Researching the implementation of pioneering roles in nursing and midwifery
Nursing Times Research, 12, (1), . (doi:10.1177/1744987106073582).
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This paper presents research on the implementation of pioneering roles in nursing and midwifery in the United Kingdom—namely lecturer practitioners, consultant nurses and nurse registrars. It seeks to critique the empirical insights gained from studying new roles aimed at better integrating distinct aspects of nursing and midwifery, at solving long-standing ‘problems’ in nursing and midwifery, at extending traditional roles and at improving and advancing practice, education and research.
The paper draws upon knowledge derived from three empirical projects—an ethnographic study and survey of the role of lecturer practitioners, conducted in one setting in the UK (Lathlean, 1997), a study of the role of consultant nurses within healthcare Trusts (Lathlean and Masterson, 2004) and an action-based evaluation of an innovative work based pilot training programme for the development of nurse registrars as aspiring consultant nurses (Surridge and Lathlean, 2006). The paper sets these within the context of an extensive literature on lecturer practitioners and consultant nurses, and encompasses both a national and international perspective through the inclusion of UK, North American and Australian experiences.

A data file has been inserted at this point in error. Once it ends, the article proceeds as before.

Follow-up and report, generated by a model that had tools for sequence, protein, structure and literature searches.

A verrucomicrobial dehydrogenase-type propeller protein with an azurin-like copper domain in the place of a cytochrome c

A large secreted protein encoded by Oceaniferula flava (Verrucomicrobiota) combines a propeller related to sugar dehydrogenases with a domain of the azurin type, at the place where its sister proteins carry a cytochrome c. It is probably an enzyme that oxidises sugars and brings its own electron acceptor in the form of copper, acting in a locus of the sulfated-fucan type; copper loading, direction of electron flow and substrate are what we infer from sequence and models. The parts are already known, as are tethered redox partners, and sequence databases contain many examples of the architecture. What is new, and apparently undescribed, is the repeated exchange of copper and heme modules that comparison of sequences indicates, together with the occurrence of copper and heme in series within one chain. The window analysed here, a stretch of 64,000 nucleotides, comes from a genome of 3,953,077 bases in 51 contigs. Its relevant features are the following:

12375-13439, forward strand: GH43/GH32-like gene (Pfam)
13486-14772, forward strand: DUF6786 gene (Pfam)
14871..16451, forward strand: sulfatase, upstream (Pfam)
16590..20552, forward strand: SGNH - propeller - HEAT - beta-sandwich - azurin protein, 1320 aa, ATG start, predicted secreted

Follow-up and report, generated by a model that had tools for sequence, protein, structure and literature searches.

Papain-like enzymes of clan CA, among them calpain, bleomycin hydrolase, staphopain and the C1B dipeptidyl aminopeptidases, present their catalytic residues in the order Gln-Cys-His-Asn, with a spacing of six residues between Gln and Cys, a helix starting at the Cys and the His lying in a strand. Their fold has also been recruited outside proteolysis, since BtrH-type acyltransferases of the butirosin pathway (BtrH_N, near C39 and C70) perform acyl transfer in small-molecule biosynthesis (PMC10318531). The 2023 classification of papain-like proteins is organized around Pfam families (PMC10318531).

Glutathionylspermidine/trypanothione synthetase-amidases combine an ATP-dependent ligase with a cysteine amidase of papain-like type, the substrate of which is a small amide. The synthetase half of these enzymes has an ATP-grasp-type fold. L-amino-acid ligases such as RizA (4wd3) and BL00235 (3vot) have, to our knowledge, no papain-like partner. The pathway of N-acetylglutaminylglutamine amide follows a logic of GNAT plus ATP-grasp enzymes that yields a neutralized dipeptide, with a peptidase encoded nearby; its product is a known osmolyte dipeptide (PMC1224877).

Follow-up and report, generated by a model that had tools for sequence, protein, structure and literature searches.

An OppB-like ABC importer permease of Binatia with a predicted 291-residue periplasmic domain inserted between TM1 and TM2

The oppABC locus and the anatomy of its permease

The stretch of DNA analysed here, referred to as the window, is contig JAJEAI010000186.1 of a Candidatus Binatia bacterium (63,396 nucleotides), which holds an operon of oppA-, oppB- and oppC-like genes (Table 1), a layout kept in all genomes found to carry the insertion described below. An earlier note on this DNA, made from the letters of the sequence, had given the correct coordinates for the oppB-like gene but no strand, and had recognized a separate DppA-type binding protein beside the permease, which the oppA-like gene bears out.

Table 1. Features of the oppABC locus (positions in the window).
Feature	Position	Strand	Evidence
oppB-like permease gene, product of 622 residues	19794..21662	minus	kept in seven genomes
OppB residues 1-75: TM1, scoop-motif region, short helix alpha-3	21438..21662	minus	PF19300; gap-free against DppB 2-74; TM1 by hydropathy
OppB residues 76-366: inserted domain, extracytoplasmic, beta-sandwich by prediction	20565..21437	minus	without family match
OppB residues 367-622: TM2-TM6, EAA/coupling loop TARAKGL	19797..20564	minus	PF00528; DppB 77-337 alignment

The theoretical understandings gleaned from these studies include the apparent inevitability of certain challenges in new roles such as role ambiguity and role overload, the need for organisational commitment to establish and sustain such roles, the variability of roles and the uncertainty as to the achievements of these posts or, at the very least, the extent to which these achievements can be measured. Conclusions drawn include the value of longitudinal studies over short-term cross-sectional research, incorporating approaches that reflect the diversity of the roles; the complexity of ascertaining role impact; and the value of undertaking a qualitative meta-analysis or meta-ethnography of existing studies.
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